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In 2010, Camille Paglia wrote a controversial opinion piece in the Sunday Times about pop star Lady Gaga, writing: “Despite showing acres of pallid flesh in the fetish-bondage garb of urban prostitution, Gaga isn’t sexy at all — she’s like a gangly marionette or plasticised android. … so calculated and artificial, so clinical and strangely antiseptic …” She observes later: “For Gaga, sex is mainly decor and surface; she’s like a laminated piece of ersatz rococo furniture.” I don’t agree with Paglia that Lady Gaga is the problem with sexuality in the modern era; much of Paglia’s diatribe is tinged with nostalgia for the good-old-days that I could frankly do without. But that description of sexual artifice — of behavior that mimes eroticism without seeming to really want it — came back to me very strongly when I was watching the Victoria’s Secret Fashion Show.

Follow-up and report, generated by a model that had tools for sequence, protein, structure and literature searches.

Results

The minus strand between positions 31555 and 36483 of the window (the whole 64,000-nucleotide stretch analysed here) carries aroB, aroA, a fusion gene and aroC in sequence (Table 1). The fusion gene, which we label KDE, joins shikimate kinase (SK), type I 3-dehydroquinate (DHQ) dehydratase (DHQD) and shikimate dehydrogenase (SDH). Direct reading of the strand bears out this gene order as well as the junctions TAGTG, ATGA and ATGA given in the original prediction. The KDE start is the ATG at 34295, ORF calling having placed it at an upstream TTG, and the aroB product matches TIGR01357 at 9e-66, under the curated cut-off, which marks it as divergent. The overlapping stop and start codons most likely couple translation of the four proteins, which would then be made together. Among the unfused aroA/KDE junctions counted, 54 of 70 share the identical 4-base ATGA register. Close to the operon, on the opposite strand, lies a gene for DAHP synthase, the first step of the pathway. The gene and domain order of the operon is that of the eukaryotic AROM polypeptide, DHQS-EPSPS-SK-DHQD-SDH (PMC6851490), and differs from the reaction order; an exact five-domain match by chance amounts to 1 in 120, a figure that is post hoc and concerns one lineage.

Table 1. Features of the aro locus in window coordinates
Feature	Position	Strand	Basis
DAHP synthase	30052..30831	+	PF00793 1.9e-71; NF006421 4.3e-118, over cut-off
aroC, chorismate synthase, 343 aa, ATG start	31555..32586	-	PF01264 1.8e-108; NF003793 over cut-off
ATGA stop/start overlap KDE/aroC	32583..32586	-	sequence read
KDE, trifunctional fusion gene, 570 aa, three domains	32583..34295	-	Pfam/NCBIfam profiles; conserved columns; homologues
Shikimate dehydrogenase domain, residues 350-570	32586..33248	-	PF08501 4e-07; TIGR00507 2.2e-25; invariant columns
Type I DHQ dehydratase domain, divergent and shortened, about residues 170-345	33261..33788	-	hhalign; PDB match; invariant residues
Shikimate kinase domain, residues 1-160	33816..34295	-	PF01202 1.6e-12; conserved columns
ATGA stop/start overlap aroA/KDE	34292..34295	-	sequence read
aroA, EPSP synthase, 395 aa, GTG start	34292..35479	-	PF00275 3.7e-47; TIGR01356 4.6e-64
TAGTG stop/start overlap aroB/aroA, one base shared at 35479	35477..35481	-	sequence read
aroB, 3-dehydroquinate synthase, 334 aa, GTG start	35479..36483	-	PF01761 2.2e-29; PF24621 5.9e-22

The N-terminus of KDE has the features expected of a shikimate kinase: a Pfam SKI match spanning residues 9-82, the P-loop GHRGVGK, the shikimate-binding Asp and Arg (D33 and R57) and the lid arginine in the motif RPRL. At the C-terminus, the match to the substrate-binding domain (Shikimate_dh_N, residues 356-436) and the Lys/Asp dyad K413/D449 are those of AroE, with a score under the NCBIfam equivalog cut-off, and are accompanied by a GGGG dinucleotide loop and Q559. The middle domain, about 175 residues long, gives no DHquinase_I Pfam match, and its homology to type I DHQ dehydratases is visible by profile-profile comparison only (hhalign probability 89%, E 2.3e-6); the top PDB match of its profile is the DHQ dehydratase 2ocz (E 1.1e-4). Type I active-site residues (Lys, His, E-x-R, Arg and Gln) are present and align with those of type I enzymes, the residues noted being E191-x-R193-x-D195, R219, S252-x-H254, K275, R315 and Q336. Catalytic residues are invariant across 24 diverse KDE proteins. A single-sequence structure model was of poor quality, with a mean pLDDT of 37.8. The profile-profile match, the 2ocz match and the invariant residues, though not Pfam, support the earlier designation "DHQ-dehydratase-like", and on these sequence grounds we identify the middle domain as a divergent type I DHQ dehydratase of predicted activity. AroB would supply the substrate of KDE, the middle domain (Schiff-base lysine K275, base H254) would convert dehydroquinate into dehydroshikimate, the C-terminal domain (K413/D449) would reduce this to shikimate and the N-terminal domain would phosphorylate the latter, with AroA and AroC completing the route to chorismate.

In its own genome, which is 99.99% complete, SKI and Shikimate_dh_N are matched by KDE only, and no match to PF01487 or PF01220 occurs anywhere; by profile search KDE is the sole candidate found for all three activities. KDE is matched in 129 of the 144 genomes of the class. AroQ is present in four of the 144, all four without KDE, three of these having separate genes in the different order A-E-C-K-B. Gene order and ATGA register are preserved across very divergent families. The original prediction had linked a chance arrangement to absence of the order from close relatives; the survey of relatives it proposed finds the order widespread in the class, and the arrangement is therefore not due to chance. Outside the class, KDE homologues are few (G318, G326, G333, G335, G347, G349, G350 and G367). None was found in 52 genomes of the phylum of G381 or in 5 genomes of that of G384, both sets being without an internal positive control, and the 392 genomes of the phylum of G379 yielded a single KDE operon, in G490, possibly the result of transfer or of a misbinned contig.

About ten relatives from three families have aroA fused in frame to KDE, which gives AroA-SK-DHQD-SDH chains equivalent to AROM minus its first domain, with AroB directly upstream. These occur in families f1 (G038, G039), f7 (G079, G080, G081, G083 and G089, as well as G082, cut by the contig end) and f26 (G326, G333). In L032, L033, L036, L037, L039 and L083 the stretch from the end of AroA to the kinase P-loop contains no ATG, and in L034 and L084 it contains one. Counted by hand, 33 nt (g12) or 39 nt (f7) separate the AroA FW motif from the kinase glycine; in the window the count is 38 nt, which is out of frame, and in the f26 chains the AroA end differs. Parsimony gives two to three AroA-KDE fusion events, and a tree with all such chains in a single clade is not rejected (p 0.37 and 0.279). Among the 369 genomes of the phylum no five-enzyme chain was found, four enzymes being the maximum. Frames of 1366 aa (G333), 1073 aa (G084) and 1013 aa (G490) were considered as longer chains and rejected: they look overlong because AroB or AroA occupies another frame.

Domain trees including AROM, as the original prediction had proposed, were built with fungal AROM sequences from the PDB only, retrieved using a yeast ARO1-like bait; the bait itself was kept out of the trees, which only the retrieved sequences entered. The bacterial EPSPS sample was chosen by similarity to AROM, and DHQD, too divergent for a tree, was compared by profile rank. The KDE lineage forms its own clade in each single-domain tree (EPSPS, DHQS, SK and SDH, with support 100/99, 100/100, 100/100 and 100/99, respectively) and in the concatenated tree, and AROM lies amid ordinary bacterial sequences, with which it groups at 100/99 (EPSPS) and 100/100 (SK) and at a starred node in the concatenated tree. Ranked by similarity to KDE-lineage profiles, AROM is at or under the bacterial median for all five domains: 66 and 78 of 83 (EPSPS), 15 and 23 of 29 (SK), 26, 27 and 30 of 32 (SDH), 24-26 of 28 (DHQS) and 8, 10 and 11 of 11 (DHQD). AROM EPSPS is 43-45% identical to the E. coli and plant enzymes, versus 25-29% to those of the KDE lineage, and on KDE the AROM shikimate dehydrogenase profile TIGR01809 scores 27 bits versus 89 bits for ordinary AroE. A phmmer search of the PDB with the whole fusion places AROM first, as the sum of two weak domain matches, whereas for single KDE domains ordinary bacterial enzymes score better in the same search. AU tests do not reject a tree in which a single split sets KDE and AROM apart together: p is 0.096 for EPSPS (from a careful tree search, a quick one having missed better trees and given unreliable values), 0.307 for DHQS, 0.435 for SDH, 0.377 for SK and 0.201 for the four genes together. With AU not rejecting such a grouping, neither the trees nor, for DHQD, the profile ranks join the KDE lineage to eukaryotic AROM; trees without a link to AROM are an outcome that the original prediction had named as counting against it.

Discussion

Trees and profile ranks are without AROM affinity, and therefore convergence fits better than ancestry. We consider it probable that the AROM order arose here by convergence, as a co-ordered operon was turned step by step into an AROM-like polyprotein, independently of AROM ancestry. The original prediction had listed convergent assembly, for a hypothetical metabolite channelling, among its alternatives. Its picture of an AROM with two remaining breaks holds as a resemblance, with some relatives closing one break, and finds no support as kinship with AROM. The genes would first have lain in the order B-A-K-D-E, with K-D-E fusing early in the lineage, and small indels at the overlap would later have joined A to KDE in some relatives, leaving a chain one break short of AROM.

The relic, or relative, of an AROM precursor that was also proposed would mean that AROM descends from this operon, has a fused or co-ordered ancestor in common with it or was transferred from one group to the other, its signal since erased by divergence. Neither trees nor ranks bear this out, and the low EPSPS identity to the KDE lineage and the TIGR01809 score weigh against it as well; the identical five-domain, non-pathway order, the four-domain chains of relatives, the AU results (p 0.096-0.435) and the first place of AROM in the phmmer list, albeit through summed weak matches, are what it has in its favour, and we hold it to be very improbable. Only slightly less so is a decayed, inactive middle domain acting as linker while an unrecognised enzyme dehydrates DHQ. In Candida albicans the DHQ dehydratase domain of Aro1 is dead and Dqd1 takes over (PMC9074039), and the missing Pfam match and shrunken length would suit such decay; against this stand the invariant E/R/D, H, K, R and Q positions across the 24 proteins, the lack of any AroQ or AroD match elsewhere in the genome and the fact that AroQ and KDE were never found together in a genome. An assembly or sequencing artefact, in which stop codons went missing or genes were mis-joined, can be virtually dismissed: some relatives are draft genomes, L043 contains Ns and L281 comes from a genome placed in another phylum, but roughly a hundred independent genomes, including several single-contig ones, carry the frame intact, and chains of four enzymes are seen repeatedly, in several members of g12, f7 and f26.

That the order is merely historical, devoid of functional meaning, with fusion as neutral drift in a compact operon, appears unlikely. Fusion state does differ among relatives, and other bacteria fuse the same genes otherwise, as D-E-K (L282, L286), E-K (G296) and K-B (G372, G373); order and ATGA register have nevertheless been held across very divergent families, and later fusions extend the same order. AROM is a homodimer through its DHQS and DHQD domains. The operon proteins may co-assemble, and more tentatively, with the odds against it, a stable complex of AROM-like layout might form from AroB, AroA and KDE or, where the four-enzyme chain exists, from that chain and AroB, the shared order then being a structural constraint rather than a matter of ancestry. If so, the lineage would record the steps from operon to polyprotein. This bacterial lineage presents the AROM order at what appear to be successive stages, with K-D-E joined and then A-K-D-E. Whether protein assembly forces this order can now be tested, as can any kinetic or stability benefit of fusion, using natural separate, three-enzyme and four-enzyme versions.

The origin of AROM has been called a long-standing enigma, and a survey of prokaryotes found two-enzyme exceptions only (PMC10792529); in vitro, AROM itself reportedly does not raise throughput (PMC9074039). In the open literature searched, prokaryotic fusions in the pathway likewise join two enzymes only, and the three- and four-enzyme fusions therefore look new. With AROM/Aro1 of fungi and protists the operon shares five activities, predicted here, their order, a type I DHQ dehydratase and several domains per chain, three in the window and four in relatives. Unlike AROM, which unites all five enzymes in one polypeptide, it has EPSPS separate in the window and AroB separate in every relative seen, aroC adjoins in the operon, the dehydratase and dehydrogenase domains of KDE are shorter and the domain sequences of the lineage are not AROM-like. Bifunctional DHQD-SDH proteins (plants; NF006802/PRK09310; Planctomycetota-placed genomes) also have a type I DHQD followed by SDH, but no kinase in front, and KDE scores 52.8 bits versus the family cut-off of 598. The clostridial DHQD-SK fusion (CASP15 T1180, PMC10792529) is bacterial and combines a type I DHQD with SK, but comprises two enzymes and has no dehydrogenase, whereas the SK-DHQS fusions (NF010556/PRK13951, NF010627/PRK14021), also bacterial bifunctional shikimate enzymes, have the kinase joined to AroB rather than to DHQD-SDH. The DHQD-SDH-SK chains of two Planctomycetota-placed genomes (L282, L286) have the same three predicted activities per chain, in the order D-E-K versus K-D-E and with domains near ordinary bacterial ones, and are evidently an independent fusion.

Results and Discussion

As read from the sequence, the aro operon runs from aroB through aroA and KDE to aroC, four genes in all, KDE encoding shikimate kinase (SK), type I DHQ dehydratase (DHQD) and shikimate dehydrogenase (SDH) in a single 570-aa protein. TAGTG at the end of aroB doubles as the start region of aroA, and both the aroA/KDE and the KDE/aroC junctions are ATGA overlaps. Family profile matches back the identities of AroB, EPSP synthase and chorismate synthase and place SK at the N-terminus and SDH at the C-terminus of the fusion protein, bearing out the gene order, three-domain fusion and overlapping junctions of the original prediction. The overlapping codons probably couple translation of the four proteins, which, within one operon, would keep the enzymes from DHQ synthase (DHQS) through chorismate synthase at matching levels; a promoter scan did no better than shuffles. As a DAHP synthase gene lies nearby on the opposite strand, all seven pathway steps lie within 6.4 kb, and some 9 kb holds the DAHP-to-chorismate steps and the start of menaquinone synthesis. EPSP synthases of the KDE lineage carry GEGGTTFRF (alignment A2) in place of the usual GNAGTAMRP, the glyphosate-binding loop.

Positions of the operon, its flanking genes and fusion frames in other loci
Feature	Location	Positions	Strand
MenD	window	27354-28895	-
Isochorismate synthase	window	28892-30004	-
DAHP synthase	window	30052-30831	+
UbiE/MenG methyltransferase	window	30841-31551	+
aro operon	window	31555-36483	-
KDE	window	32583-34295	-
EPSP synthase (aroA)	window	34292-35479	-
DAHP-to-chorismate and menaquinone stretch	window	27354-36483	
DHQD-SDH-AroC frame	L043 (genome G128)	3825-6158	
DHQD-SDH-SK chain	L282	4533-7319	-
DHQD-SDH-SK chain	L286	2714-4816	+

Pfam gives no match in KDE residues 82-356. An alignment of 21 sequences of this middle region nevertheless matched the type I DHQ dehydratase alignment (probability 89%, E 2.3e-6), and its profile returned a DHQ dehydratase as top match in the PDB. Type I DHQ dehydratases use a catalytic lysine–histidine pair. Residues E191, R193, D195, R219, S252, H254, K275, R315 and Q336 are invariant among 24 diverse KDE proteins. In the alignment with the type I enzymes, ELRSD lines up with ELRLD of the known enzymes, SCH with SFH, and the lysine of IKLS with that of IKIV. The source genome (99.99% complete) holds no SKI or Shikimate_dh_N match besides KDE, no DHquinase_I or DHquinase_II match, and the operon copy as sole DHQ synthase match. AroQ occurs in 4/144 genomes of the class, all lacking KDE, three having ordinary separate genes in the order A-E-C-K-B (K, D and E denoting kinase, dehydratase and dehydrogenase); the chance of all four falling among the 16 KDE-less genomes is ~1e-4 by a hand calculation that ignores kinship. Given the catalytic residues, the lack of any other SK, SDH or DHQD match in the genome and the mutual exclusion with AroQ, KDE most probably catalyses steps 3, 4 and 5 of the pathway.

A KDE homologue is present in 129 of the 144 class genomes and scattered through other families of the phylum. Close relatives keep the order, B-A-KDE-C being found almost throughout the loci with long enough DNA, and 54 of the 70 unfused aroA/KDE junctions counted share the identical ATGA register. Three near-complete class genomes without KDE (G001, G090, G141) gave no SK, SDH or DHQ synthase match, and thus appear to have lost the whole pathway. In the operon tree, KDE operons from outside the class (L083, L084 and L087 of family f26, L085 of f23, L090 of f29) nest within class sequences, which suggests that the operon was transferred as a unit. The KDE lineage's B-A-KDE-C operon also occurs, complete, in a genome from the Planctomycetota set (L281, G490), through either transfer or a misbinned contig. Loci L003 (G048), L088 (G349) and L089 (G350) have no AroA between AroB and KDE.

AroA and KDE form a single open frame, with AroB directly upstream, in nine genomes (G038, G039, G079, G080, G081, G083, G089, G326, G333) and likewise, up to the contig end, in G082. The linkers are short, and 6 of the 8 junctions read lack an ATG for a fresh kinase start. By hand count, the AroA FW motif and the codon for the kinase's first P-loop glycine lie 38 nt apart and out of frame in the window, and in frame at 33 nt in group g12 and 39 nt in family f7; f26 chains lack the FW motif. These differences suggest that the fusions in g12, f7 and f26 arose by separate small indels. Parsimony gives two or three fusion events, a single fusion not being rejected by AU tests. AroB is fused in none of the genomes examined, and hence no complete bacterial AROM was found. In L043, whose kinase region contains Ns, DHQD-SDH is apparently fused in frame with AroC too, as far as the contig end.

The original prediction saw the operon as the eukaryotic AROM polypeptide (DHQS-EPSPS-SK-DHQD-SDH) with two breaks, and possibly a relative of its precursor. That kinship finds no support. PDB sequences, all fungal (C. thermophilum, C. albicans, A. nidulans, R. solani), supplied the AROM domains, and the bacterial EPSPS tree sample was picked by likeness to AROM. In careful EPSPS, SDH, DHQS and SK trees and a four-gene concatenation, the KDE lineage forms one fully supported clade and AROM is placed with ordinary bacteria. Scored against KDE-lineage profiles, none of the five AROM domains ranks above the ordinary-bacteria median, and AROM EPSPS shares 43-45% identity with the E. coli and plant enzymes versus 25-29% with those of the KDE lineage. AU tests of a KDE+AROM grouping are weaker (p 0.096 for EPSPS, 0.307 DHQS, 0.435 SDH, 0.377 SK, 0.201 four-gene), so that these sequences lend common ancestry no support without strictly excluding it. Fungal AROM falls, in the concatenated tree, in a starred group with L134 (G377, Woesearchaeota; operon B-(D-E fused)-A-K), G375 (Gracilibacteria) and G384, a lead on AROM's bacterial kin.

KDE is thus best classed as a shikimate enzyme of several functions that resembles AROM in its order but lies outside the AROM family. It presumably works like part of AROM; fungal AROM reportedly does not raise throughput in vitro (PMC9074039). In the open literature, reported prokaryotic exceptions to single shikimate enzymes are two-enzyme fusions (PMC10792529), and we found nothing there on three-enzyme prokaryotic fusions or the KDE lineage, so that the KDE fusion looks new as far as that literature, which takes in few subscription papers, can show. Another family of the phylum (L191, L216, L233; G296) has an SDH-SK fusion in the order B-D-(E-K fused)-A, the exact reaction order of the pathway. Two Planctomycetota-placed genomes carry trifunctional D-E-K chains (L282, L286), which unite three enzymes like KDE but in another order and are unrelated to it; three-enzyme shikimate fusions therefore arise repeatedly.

Every woman onstage, including performers Ariana Grande and Taylor Swift, looked painfully desexualized. Grande’s stripper boots and vaguely bondage gear — her go-to look — coupled with her deliberately childlike demeanor makes her look like a tween in borrowed clothes; and Swift is much better at conveying anger, desperation and envy through her performances than raw sexuality. And every model onstage, from the most famous to the least, played for innocent while wearing almost no clothing. Even that term “angel” suggests innocence. Candice Swanepoel says in the show of the set of wings she’s going to wear down the runway: "It's almost like a childhood fantasy coming true ... I've always wanted to be a fairy!” And amid all the bright chatter about how much fun it is to do the show, the presumably incredible hard work leading up to it — the diet and fitness regimens, the difficulty of tottering around in stilettos on a runway that doubles as a screen, the weight and fragility of the wing contraptions — is neatly, conveniently backgrounded. These are not women who work, these are “girls” having a party.